Other Implications in Human Health Centenarians and individuals older than 105 years old have been shown to have a greater prevalence and abundance of intestinal Christensenella strains. This correlation may indicate that Christensenella serves as a marker of longevity, signaling genes for longevity in the genomes of extremely old people which may also influence the abundance of this genus in the microbiota of that population (16). Additionally, a single case study in 2017 noted that C. minuta had been found in the blood of a patient suffering from acute appendicitis, suggesting that outside of the GI environment C. minuta may act as an infectious pathogen (7).

8. Current Research

Current research on the Christensenella genus is concerned with understanding its relationship with weight gain in order to construct possible interventions to treat obesity. Christensenella’s larger role in the gut microbiome has also been a focal point for understanding how it may relate to other diseases.

In a review of published research on Christensenella, the French pharmaceutical company LNC Therapeutics identified areas of disagreement regarding what an abundance of Christensenella means for an individual, and whether it acts a direct protective agent against the development of intestinal disease. Current research is focused on more precisely defining whether the presence or absence of Christensenella is an independent determinant of obesity and other associated diseases, or if a genetic predisposition towards these conditions instead influences the secondary development of Christensenella within the microbiome (9). LNC is interested in finding evidence to support previous findings that Christensenella abundance in the gut is inversely related to individual BMI. With additional support that Christensenella promotes the metabolic processes which result in low BMI, LNC aims to develop microbial therapies for treating obesity and other metabolic-related diseases (9). On October 15th, 2018, LNC obtained an exclusive patent license from Cornell University for a Christensenella-based drug (17).

Use of Christensenellaceae as a probiotic for weight maintenance following weight loss is a current focus of the Ley Lab at the Max Planck Institute for Developmental Biology (18). In addition to studying symbiosis between the microbiome and the human host, this research group is responsible for much of the early data on the heritability of Christensenella and its relationship to both human genetics and the obesity phenotype (6).

9. References

1. Sayers, E. W., Barrett, T., Benson, D. A., Bryant, S. H., Canese, K., Chetvernin, V., … Ye, J. (2009). Database resources of the National Center for Biotechnology Information. Nucleic Acids Research, 37(Database issue), D5-15.

2. Benson, D. A., Karsch-Mizrachi, I., Lipman, D. J., Ostell, J., & Sayers, E. W. (2009). GenBank. Nucleic Acids Research, 37(Database issue), D26-31.

3. Morotomi, M., Nagai, F. & Watanabe, Y. (2012). Description of Christensenella minuta gen. nov., sp. nov., isolated from human faeces, which forms a distinct branch in the order Clostridiales, and proposal of Christensenellaceae fam. Nov. International Journal of Systematic and Evolutionary Microbiology, 62(1), 144-149. DOI: 10.1099/ijs.0.026989-0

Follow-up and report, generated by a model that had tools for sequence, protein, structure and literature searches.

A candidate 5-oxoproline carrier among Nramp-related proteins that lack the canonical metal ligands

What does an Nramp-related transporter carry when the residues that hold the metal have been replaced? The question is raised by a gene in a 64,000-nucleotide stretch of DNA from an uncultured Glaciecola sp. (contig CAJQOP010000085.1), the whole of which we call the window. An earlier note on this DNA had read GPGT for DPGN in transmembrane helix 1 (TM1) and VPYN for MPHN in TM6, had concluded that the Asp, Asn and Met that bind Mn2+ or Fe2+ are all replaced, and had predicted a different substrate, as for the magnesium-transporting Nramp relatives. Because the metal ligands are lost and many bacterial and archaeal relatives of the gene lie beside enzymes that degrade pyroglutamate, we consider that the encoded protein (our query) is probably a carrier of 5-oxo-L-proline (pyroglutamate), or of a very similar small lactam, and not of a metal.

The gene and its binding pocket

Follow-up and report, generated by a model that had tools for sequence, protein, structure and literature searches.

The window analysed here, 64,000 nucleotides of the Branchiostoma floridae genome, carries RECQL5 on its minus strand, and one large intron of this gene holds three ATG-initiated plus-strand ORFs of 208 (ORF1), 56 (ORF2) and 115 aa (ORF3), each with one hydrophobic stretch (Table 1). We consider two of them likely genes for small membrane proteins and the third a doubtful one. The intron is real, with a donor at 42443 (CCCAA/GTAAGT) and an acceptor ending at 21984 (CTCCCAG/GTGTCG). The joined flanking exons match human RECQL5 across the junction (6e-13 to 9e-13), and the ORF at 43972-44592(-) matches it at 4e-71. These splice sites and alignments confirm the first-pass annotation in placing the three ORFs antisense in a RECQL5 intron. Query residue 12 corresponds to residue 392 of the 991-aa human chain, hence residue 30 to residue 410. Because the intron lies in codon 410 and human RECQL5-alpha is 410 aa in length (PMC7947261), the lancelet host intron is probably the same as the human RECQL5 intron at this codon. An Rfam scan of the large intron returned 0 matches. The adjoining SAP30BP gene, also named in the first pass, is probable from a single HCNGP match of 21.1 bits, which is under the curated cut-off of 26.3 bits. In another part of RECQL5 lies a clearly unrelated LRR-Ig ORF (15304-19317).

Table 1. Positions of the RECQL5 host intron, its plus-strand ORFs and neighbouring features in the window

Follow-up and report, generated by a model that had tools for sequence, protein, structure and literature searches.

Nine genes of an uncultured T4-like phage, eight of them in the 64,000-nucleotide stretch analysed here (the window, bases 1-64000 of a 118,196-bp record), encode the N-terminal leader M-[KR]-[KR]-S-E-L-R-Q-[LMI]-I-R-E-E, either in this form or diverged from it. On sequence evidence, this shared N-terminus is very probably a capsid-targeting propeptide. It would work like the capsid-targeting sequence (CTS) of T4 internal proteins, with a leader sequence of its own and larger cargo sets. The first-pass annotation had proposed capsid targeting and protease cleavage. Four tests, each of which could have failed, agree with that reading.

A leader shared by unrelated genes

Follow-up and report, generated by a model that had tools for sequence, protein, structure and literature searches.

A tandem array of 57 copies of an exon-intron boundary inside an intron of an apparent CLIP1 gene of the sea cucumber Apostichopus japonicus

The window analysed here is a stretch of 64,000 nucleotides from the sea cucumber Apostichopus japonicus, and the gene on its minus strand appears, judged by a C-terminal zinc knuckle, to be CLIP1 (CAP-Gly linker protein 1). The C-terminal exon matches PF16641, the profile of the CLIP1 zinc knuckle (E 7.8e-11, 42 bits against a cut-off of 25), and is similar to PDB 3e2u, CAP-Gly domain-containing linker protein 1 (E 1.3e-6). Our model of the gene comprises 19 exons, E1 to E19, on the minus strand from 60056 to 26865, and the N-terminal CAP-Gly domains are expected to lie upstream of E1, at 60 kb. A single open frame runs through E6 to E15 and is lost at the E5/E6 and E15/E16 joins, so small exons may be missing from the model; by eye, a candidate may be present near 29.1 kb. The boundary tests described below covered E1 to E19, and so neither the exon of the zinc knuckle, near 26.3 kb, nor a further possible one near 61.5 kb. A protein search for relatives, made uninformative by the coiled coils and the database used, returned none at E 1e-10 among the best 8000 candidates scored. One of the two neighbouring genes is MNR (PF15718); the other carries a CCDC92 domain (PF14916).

4. Ndongo, S., Dubourg, G., Khelaifia, S., Fournier, P.-E., & Raoult, D. (2016). Christensenella timonensis, a new bacterial species isolated from the human gut. New Microbes and New Infections, 13, 32-33.

5. Ndongo, S., Khelaifia, S., Fournier, P.-E., & Raoult, D. (2016). Christensenella massiliensis, a new bacterial species isolated from the human gut. New Microbes and New Infections, 12, 69–70.

6. Goodrich, J. K., Waters, J. L., Poole, A. C., Sutter, J. L., Koren, O., Blekhman, R., … Ley, R. E. (2014). Human genetics shape the gut microbiome. Cell, 159(4), 789–799.

7. Alonso, B. L., Irigoyen von Sierakowski, A., Sáez Nieto, J. A., & Rosel, A. B. (2017). First report of human infection by Christensenella minuta, a gram-negative, strickly [sic] anaerobic rod that inhabits the human intestine. Anaerobe, 44, 124–125.

8. Oki, K., Toyama, M., Banno, T., Chonan, O., Benno, Y., & Watanabe, K. (2016). Comprehensive analysis of the fecal microbiota of healthy Japanese adults reveals a new bacterial lineage associated with a phenotype characterized by a high frequency of bowel movements and a lean body type. BMC Microbiology, 16(284).

9. LNC Therapeutics (2018). Christensenella: the cornerstone of the gut microbiota [Press release]. Retrieved from

10. Rosa, B. A., Hallsworth-Pepin, K., Martin, J., Wollam, A., & Mitreva, M. (2017). Genome sequence of Christensenella minuta DSM 22607T. Genome Announcements, 5(2), e01451-16.

11. Ramírez-Pérez, O., Cruz-Ramón, V., Chinchilla-López, P., & Méndez-Sánchez, N. (2017). The role of the gut microbiota in bile acid metabolism. Annals of Hepatology, 16(Suppl. 1: s3-105.), s15–s20.

12. Lin, H., An, Y., Hao, F., Wang, Y., & Tang, H. (2016). Correlations of fecal metabonomic and microbiomic changes induced by high-fat diet in the pre-obesity state. Scientific Reports, 6.

13. Alemán, J. O., Bokulich, N. A., Swann, J. R., Walker, J. M., De Rosa, J. C., Battaglia, T., … Holt, P. R. (2018). Fecal microbiota and bile acid interactions with systemic and adipose tissue metabolism in diet-induced weight loss of obese postmenopausal women. Journal of Translational Medicine, 16.

14. Petrov, V.A., Saltykova, I. V., Zhukova, I. A., Alifirova, V. M., Zhukova, N. G., Dorofeeva, Y. B.,... Sazonov, A. E. (2017). Analysis of gut microbiota in patients with Parkinson’s Disease. Bulletin of Experimental Biology and Medicine, 162 (6), 734-737.

15. Cani, P. D. (2018). Human gut microbiome: Hopes, threats and promises. Gut, 67(9), 1716. DOI: 10.1136/gutjnl-2018-316723

16. Biagi, E., Franceschi, C., Rampelli, S., Severgnini, M., Ostan, R., Turroni, S., … Candela, M. (2016). Gut microbiota and extreme longevity. Current Biology: CB, 26(11), 1480–1485.

17. LNC Therapeutics (2018, October 15). LNC Therapeutics acquires exclusive license for the Christensenella patent from Cornell University [Press release]. Retrieved from

18. Ley Lab Research. (2017). Retrieved from

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Edited by [Your Name], student of Jennifer Talbot for BI 311 General Microbiology, 2015, Boston University.